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ATP WEEKLY TURTLE BULLETIN

No. 87, 5th July 2013



1. World's Largest Freshwater Turtle Nearly Extinct

SOURCE: nationalgeographic.com – DATE: 1st July, 2013

In June, researchers collected eggs from the last mating pair of the critically endangered Yangtze giant softshell turtle (Rafetus swinhoei) in the hopes that at least one will be fertile. The 220-pound (100-kilogram) freshwater giant, which spends most of its life burrowing in mud, was once common in its namesake Yangtze River, China's Lake Taihu and Yunnan Province, and parts of Vietnam.
By the late 1990s, however, human encroachment and poaching for use of the shells in Chinese traditional medicine rapidly depleted the population. Now, a total of four animals are known—two wild males in Vietnam and the mating pair at Suzhou Zoo.
It's the team's sixth year of breeding the turtles at the zoo, which is not far from Shanghai. So far, none of the eggs have hatched.
Researchers can't pinpoint the reason for the infertility, but they suspect a combination of factors, including poor sperm quality due to the male's age—roughly a hundred—an improper mating posture, and stress on the female.
Because the turtles are the last in captivity and too much human interaction could kill them, sperm samples cannot be taken nor tests run. Still, scientists are hoping that this year will be the lucky one.
"The resurrection of this iconic species in the wild, the largest freshwater turtle in the world, would be a symbol of hope," said Gerald Kuchling, founder of the Australia-based group Turtle Conservancy and a turtle-reproduction expert.

Link 1 to this web article online (English)


Link 2 to this web article online (Vietnamese)



© Vietnam News Agency/-AFP/Getty Images



2. Ho Chi Minh, Vietnam: Wildlife market in Cu Chi

SOURCE: nguoiduatin.vn – DATE: 3rd July, 2013

Recently the trade of wild animals along the provincial highway 8 near Cu Chi district in Ho Chi Minh City has increased dramatically. Snakes, turtles, crow pheasants, frogs, eels and other wildlife are sold publicly on the street. Although the animals are still alive when they are sold to customers most of them only have short life expectancies: most of them are caught with electric fishing gear and are already weak when sold. Most people buy these rare animals as presents for friends and relatives or enjoy the wild animals themselves. Hunting and the trade of wildlife is illegal but the people who sell the animals say that it is the only way for them to make some extra money. Some experts argue that the unsustainable hunting activities in Cu Chi district could lead to the extinction of many species in the area in the near future.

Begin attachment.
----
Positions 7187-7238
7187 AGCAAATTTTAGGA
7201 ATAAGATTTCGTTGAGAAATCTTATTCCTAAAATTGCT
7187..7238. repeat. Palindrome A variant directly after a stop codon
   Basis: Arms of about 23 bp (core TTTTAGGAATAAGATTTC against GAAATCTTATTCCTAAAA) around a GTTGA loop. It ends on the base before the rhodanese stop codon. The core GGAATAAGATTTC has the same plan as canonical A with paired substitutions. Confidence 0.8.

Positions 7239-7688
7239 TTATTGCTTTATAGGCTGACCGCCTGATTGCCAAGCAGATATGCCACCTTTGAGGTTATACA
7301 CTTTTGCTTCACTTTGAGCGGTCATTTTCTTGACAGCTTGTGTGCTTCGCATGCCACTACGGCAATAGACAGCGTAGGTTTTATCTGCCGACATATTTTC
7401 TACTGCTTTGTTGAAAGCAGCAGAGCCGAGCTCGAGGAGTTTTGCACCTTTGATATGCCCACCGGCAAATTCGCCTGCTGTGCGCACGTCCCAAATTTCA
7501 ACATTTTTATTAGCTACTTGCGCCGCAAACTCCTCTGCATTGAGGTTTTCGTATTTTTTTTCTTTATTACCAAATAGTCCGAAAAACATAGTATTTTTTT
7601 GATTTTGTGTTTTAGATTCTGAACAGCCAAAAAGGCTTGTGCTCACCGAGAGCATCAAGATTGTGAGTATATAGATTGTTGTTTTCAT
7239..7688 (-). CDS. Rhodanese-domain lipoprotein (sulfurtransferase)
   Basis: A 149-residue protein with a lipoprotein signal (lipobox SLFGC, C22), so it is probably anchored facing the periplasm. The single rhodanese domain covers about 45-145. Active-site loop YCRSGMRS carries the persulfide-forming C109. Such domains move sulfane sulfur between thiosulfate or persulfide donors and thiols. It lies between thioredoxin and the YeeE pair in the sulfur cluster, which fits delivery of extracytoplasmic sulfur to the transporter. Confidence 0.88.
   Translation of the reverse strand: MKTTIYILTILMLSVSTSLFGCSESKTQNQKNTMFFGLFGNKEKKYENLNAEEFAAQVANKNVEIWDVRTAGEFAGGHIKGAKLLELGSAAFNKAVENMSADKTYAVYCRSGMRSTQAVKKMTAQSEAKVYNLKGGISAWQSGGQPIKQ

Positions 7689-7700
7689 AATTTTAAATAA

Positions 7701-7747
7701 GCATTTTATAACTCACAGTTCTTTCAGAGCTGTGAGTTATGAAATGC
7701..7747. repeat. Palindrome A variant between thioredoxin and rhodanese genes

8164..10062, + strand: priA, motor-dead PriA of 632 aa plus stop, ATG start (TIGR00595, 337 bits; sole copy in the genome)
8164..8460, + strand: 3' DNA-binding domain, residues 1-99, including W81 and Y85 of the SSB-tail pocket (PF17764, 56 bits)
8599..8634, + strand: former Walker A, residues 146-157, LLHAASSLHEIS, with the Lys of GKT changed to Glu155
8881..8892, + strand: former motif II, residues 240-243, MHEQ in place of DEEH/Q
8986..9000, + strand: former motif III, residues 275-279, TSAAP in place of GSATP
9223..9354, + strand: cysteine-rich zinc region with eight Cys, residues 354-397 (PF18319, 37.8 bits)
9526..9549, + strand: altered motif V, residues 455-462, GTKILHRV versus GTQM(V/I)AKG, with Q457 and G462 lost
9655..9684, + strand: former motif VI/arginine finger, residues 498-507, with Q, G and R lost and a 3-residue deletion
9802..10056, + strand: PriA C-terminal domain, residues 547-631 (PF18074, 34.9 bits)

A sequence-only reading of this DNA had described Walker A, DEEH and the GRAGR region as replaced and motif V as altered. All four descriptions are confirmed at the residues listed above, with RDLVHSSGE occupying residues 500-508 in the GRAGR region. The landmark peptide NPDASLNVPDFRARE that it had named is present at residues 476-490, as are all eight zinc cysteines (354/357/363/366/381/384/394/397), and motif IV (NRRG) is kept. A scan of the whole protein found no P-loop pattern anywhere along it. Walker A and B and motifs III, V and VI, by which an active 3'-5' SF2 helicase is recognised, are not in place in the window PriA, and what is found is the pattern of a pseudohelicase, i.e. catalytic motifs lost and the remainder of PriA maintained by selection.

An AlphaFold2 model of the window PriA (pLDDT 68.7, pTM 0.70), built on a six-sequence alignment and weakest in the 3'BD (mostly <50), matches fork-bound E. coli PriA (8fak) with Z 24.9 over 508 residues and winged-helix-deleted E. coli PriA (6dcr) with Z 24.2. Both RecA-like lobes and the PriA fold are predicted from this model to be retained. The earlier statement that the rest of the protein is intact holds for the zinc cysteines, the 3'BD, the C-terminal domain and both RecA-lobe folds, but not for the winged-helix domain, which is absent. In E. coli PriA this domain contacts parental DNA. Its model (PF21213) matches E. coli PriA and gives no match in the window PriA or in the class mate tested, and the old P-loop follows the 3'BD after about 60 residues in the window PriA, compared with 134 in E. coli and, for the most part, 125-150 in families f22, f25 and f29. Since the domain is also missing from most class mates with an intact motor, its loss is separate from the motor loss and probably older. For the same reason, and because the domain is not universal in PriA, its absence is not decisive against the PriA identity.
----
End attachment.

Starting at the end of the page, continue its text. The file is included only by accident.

Link to this web article online (Vietnamese)


© nguoiduatin.vn



3.
Texas, USA: Two-headed Turtle Born in Texas Named Thelma and Louise

SOURCE: cbsnews.com
DATE: 27th June, 2013

A two-headed turtle has hatched at the San Antonio Zoo in Texas and officials have named her Thelma and Louise. The female Texas cooter (Pseudemys texana) hatched on the 18th of June and went on display the same week at the zoo's Friedrich Aquarium. Zoo spokeswoman Debbie Rios-Vanskike said that the two-headed turtle appears healthy and is able to swim and walk. She says experts at the zoo don't foresee any health issues for Thelma and Louise, named for the female duo in the 1991 Oscar-winning road movie of the same name. The San Antonio Zoo is no stranger to two-headed reptiles. The facility was home to a two-headed Texas rat snake (Elaphe obsoleta lindheimeri) named Janus from 1978 until the creature's death in 1995.

Link 1 to this web article online (English)

Link 2 to this web article online (Vietnamese)


Link 3 to this web article online (English)

 


4. 
Kolkata: Population of rare turtles discovered in Botanical Gardens in Kolkata

SOURCE: hindustantimes.com
DATE: 5th July, 2013

Scientists of the Indian Botanic Garden in Howrah have stumbled upon a huge colony of the Indian Roofed Turtle (Pangshura tecta) in one of the 24 lakes inside the garden. The scientists hope there are many more in the other lakes, along with other species, as well. The discovery becomes all the more important because the Indian Roofed Turtle, once abundant in Bengal and other parts of India, have now been listed as endangered. The species is also listed in the International Union for Conservation of Nature's (IUCN) red list of threatened species but categorized as a species of least concern. News of the discovery was sent to the Nature, Environment and Wildlife Society, a city-based NGO. “It's truly a remarkable find. An entire community of this species thriving in a pond and cut off from the rest of their population is very hard to find these days,” says Shailendra Singh of the Turtle Survival Alliance, an international alliance of turtle scientists.

Link to this web article online (English)


© AP Photo/San Antonio Zoo


© hindustantimes.com



 
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